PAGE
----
Five or six kids ran, laughing and smiling, along the perimeter fencing of the Juneau Community Garden before they came to a stop next to a small group of adults standing by a post where a large net abutted the fence perpendicularly.
The net, about 8 feet tall and 30 feet long, looked like an oversized tennis net extending into the woods next to the garden. Only it wasn’t for a game — it was for catching birds.
“Not yet,” Gwen Baluss, a wildlife technician with the National Forest Service, told the crowd of excited onlookers as she walked toward the fence having just inspected the giant net. “It’s kinda like fishing. You’ve got to wait a few minutes.”
Baluss, a few other Forest Service employees and about a dozen other people gathered in the garden Saturday to catch birds and band them in celebration of International Migratory Bird Day.
All told, Baluss and a small group of volunteers caught seven birds in their specialized mist nets, as they’re actually called, and attached bands with a unique number series to their legs. These bands allow the Forest Service to study and track the migratory patterns of birds. The United States and Canada both track birds this way using a centralized database to determine where birds are going and how long they live, among other things.
The group captured and released birds of five varieties, mostly different sparrows and warblers.
Though seven birds is more than most people catch in a lifetime, let alone in a single morning, Baluss said that Saturday “was actually a pretty slow day” as far as bird catching is concerned. Surprisingly, the good weather was to blame.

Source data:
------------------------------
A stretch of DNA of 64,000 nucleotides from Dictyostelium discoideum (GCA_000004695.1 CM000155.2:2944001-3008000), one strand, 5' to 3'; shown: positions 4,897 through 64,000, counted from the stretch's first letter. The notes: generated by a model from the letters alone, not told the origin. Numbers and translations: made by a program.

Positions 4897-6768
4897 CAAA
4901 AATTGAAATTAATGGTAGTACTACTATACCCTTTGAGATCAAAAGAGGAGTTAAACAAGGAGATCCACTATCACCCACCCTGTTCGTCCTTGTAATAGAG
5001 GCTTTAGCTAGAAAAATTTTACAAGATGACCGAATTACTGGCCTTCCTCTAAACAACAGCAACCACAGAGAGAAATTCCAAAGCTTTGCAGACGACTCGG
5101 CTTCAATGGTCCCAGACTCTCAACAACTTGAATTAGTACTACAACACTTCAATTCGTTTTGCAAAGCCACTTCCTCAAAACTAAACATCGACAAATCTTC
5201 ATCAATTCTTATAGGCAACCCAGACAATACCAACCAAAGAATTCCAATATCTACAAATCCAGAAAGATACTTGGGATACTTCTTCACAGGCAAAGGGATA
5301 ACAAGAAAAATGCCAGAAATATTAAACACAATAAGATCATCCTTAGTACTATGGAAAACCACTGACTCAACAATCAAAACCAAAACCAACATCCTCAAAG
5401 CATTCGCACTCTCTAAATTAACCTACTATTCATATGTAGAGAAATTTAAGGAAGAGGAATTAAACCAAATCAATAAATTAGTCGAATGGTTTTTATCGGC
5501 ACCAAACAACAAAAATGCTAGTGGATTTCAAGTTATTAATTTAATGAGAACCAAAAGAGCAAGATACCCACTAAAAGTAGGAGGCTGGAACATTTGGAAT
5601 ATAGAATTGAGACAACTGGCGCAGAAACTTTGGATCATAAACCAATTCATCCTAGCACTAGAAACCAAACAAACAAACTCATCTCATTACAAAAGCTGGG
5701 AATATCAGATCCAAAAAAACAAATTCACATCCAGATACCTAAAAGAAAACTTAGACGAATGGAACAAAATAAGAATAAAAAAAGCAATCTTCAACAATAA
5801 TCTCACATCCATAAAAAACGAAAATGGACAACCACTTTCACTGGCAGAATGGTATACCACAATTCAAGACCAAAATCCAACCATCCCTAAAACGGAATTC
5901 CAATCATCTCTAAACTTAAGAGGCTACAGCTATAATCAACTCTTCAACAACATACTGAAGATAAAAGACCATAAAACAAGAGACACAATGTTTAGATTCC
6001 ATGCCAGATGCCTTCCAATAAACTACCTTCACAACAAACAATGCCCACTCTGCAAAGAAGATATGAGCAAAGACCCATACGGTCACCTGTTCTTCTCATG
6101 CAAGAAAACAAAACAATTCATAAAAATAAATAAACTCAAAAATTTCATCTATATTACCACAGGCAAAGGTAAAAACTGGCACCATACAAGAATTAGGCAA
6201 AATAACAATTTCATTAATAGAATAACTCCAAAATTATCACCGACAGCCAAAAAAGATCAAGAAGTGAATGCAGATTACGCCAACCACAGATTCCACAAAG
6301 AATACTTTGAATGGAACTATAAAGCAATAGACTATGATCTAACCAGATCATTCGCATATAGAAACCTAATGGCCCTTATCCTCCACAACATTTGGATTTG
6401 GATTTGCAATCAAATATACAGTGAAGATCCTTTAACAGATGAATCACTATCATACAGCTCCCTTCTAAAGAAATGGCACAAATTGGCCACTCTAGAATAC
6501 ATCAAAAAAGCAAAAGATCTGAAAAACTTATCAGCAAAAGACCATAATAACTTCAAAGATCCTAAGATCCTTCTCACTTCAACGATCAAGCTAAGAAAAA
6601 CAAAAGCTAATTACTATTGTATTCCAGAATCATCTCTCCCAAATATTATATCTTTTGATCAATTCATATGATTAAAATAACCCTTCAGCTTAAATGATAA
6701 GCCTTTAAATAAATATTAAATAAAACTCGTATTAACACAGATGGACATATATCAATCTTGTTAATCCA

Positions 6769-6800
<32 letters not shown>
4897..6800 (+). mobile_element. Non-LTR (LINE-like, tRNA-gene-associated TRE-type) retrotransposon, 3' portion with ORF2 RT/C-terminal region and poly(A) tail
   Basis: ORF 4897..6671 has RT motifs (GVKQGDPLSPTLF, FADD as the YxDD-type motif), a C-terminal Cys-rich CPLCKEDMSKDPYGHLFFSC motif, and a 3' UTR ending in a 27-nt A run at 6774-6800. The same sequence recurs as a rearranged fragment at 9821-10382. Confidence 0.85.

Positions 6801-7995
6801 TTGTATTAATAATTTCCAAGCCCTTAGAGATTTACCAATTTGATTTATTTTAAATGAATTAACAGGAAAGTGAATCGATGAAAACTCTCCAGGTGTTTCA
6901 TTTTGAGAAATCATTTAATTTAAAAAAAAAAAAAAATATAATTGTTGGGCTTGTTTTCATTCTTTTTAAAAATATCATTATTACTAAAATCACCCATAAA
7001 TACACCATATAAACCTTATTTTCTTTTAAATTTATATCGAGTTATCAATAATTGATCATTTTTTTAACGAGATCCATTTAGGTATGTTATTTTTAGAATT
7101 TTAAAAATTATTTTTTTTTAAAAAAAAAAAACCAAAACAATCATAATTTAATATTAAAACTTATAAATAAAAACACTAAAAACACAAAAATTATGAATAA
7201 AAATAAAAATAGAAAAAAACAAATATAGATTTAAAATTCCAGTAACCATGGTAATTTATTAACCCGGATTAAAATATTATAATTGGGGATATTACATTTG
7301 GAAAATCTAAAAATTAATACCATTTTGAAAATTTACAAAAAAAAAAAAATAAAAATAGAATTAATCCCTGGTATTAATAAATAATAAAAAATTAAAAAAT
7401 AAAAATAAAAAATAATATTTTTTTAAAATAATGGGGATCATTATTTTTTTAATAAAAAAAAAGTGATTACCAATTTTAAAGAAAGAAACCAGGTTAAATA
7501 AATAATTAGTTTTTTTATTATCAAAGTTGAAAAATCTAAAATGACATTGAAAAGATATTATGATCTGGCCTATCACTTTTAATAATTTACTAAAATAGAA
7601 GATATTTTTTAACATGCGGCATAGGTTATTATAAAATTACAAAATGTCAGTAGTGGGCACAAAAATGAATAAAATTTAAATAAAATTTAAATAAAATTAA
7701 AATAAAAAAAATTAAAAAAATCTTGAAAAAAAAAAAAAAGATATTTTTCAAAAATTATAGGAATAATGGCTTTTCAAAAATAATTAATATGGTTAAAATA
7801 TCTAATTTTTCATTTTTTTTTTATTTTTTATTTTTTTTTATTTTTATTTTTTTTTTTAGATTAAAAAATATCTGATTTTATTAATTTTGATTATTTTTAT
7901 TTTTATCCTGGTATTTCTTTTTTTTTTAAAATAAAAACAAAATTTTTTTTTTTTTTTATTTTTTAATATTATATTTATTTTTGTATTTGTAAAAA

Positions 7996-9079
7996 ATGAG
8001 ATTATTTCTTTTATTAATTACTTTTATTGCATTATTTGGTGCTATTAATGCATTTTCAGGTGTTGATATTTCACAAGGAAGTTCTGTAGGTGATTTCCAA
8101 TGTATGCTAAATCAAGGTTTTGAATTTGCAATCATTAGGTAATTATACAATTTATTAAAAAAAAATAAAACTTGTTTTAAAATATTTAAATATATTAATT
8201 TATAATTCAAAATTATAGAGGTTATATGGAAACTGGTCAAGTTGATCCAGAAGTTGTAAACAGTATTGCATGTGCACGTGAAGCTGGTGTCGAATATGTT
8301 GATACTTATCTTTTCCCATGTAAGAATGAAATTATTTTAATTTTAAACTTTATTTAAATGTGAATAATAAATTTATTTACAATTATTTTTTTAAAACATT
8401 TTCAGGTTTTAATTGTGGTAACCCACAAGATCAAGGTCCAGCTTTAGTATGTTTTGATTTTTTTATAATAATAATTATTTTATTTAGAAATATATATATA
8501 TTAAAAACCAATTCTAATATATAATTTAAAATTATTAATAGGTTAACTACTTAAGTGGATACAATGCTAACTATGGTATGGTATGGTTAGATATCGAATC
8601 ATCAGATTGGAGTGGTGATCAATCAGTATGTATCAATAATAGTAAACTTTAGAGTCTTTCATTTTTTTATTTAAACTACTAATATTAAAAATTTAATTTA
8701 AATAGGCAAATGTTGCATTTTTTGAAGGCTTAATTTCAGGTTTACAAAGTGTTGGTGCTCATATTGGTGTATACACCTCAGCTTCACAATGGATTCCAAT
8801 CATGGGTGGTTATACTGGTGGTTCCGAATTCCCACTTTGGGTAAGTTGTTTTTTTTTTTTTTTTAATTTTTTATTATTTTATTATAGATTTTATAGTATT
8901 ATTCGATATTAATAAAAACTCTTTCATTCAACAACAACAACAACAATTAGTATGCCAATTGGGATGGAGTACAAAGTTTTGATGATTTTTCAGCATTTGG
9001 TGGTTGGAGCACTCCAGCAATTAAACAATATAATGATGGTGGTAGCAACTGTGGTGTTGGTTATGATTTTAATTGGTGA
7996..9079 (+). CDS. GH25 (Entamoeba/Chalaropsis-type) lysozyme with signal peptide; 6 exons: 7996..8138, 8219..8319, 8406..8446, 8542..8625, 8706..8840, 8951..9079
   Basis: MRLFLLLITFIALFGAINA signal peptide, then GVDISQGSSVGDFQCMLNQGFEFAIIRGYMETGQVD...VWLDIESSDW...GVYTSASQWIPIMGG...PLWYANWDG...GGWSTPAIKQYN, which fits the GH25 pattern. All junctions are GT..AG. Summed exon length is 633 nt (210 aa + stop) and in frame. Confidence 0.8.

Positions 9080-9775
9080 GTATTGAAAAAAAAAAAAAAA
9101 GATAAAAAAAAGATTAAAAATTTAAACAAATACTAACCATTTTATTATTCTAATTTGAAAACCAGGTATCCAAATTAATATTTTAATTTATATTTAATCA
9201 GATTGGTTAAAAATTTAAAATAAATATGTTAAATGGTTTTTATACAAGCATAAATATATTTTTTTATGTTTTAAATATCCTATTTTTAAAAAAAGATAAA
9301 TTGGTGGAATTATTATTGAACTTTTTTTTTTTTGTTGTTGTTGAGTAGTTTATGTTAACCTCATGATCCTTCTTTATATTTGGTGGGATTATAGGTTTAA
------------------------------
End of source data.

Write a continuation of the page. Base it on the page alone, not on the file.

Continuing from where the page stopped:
“It was too sunny today,” Baluss explained to the same group of kids that had run to greet her earlier. “They were all active at five this morning. They’re already in their nap time by late morning.”
Samuel Wharton, 10, and his cousin Mariah Butner, 12, were among that crowd, but they didn’t seem bothered by the apparent lack of activity.
“When we caught the Lincoln’s sparrow, it buried its head in her hands, and then it rocketed off,” Wharton recalled, describing his favorite moment of the morning — when Baluss released one of the birds.
Butner, too, enjoyed watching the birds fly free after being banded.
“I think the best part was letting the birds go again,” she said.
Wharton may some day fill Baluss’ shoes. As young as he is, Wharton is able to identify more varieties of birds than most adults.
“Sometimes I read through my Birds of Alaska field guide just for fun,” he said after rattling off several birds he’d like to catch. “My favorite bird is either the Magpie or the Willow Ptarmigan.”
The Tongass National Forest has participated in the annual celebration of migratory birds for more than 17 years. This year’s event was sponsored by the Forest Service, the Juneau Audubon Society and the Juneau Community Garden.